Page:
Food Buzz

Because maybe you do care what I had for lunch...

Thursday, June 28, 2007

Unplanned Thai fish

It just showed up at my doorstep announcing hi, I'm here for dinner. Really, I said, I was actually expecting a box of farm-fresh produce. Nope, said the Thai fish. That will have to wait until next week. For tonight you're going to cook that dover sole Jasper picked out with some of those tasty Southeast Asian condiments your hosts have stocked in the refrigerator. There's a scant amount of peas and corn in the freezer. While you're there, why not try out that pre-cooked brown rice from Trader Joe's. You might even have enough garlic there in the veggie drawer.

2 T sesame oil squandered on too-high heat (that oil's flavor is delicate)
1 T chopped garlic
1-2 pounds fish of the bland sort that can be used to carry other flavors, like dover sole
2 T kecap mannis
2 T soy sauce
1 T fish sauce
1/3 cup frozen veggies
Indonesian hot sauce
juice from one lime
chopped fresh cilantro

Heat oil in pan and soften garlic. Throw in fish and add sauces. Stir around until fish falls apart. Add veggies and cooked until just thawed, a couple minutes. Scoop up as much as you think your kid will eat and set aside in a small bowl to cool. Add hot sauce, lime juice, and cilantro to remainder and remove from heat.

The Trader Joe's frozen rice rocks. You just microwave it for three minutes and it comes out perfectly fluffy, like someone other than you spent half an hour assiduously rinsing rice grains.

As for the missing box of produce, I'll have to save that story for next week.

Meanwhile, I am being seduced by suburban California. Yesterday we went over to the Menlo Park rec center (we're actually closer to that than to the Palo Alto parks) to register Jasper for a summer gymnastics class. The various administrative offices were spread amongst various low-lying buildings that blended into the trees. A series of ponds and streams runs between some of the buildings where ducks and children gather. Playgrounds sit in beds of fragrant wood chips instead of concrete. When I handed in my form for Jasper's class the parks administrator was warm and friendly. Didn't she know that city employees are supposed to be sullen? Apparently they aren't here. Maybe it's all the sunshine.

Suburbia here is working for me because, to a certain degree, I can maintain some aspects of urban living. The cities here originally sprang along the commuter train lines. This means that each city has a sort of town center, even if the rest of the city spirals out into mostly residential areas and vast shopping malls. We're within biking distance of Menlo Park's center, home to Trader Joe's and an ickily-upscale grocery store. We're also close to Kepler's Books and Magazines, a Penninsula institution.

We are not close to Rick's Ice Cream but we were near that part of Palo Alto today and I'd heard it's great. I sampled an amazing lavender lemon before choosing their kulfi, a rose-flavored ice cream with saffron and pistachio. The pistachios actually overwhelmed the rose flavor, but it was still yummy. I loved Lane's choice of "sideways," cabernet with chocolate chips, even more.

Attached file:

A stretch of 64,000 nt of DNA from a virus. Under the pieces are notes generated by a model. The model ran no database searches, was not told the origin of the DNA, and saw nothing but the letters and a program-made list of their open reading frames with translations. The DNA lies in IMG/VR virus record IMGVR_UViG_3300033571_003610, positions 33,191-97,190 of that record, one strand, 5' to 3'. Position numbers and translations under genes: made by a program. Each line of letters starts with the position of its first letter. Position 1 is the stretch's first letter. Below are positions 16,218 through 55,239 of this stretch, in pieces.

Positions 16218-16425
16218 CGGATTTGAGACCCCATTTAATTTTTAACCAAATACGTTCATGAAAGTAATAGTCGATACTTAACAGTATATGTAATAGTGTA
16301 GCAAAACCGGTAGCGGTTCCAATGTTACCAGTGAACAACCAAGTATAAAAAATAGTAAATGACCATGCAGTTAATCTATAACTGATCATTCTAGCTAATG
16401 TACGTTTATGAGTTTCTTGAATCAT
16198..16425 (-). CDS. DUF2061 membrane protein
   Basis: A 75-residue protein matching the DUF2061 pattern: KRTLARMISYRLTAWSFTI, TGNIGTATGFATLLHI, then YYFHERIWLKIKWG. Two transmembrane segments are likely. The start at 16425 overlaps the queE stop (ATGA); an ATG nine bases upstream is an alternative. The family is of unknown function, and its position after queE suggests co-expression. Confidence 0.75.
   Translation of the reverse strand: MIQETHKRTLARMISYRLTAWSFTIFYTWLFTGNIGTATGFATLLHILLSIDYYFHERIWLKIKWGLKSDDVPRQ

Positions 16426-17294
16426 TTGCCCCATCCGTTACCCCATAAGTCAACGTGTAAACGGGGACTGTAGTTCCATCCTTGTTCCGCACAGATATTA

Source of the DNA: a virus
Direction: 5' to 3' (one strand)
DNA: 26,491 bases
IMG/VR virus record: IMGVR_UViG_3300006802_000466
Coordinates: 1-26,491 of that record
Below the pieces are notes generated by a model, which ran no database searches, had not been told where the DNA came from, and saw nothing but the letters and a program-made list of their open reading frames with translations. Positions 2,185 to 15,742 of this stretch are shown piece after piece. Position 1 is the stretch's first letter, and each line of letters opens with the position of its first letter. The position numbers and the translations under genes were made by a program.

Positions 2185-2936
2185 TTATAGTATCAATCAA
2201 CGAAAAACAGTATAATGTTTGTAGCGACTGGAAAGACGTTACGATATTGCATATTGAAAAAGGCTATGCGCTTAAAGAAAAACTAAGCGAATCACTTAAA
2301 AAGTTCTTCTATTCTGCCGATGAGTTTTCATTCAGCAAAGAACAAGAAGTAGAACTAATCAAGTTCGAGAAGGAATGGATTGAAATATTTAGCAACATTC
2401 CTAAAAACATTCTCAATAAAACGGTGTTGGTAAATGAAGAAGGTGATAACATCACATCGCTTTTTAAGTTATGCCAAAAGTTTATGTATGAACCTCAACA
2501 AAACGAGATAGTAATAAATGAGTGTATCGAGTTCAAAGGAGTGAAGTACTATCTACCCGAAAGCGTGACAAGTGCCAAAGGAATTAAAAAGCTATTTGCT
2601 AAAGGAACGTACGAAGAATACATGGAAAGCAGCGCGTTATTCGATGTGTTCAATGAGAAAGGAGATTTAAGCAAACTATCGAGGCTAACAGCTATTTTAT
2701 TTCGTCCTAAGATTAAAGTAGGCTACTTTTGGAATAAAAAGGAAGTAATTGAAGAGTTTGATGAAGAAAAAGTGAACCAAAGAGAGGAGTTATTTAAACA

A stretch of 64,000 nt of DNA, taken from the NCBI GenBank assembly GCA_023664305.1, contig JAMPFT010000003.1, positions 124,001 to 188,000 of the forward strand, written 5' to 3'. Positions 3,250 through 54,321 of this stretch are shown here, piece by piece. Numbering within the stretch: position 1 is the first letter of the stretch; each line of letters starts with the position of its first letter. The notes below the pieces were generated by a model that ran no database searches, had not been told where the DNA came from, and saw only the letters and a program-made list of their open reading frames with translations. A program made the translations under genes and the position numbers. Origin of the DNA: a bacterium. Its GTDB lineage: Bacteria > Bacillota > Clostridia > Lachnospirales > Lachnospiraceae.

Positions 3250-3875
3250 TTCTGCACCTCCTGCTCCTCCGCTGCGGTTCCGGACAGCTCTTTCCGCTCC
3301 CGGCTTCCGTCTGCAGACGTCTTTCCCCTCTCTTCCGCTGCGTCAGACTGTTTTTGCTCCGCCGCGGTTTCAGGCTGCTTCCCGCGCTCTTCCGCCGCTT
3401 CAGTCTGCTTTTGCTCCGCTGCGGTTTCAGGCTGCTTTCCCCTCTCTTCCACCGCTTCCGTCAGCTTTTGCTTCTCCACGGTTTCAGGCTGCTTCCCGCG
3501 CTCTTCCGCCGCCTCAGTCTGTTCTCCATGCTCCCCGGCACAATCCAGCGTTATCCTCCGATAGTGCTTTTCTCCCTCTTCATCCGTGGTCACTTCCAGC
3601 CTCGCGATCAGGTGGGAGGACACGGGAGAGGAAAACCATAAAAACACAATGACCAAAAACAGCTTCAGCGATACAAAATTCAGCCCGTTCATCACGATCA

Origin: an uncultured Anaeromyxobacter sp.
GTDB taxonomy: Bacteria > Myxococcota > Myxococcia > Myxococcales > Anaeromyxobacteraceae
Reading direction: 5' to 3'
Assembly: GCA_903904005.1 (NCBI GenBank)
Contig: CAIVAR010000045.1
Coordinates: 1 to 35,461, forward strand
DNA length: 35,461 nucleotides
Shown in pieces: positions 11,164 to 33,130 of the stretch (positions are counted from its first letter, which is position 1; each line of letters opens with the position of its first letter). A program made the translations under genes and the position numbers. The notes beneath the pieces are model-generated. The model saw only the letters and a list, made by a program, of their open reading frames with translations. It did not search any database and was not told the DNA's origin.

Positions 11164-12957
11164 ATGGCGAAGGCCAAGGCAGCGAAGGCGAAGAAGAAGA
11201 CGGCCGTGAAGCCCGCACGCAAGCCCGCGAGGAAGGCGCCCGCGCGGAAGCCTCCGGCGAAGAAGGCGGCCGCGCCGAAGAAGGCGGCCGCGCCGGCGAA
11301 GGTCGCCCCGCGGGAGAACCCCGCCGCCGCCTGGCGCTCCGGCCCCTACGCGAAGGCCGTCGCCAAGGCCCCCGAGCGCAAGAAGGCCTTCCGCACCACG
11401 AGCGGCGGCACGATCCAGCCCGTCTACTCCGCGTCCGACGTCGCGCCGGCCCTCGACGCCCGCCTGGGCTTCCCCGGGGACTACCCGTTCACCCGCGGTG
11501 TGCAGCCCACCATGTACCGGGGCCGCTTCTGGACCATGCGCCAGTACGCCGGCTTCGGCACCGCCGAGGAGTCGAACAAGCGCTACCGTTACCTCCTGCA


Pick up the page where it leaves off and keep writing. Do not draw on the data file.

Now if only one of us could find a job in the tech industry making a zillion dollars a year. Over the weekend we toured a house on the market just for kicks. It's a mid-century little bungalow with a big picture window. I think students had been renting it and the owner had just made some minor, cosmetic rennovations before putting it on the market. It has three bedrooms, but the third bedroom is at the back of the house along with the second bathroom and a tiny kitchen. The main kitchen has synthetic granite-like countertops and new, brushed steel appliances that are otherwise nothing special. The front and back yards are small. Yours for $1.1 million.

That night I watched an HGTV show featuring a couple who bought a gigantic old house on a few acres of land in Maplewood, New Jersey. For $1.1 million.


Janet M Kincaid said...

Rick's Ice Cream is a total favorite in this household! And what you describe in terms of a nice blend of urban and suburban, visit Walnut Creek. Okay, it isn't exactly 'urban' but they have a lovely, pedestrian friendly downtown. I lived there for three years without a car, that's how accessible amenities were. I finally bought a car, because visiting my grandmother in Fairfield became such a hassle. She lived 30 minutes away and it took me three hours to get to her. Plus, getting to the beach was a bugger. But I digress, as usual.

I'm glad you're enjoying California. And the Peninsula. It's a great place to live and work!

Luisa Perkins said...

I'm jeaaaaaaalouuuuusss. You have no idea how brutal the weather has been here the past few days. So savor it!

shaunamama said...

It's incredible how the housing markets are along coastlines...ick.The icecream store sounds divine. Cabernet icecream...never had the pleasure, but boy would i like to try!

Janet M Kincaid said...

P.S. As an artist, I think Lane could do quite well doing commissioned pieces for high tech firms and bajillionaires in California. I think you'd be surprised! Is there any chance of him lining up a gallery show? Perhaps not while you're out right now, but something down the road? The MOMA in SF is incredibly popular and there are several reputable, smaller galleries in the city that I'm sure would LOVE his work. (Only fools don't love and appreciate his work...) Just curious, as it sounds like you're warming to California....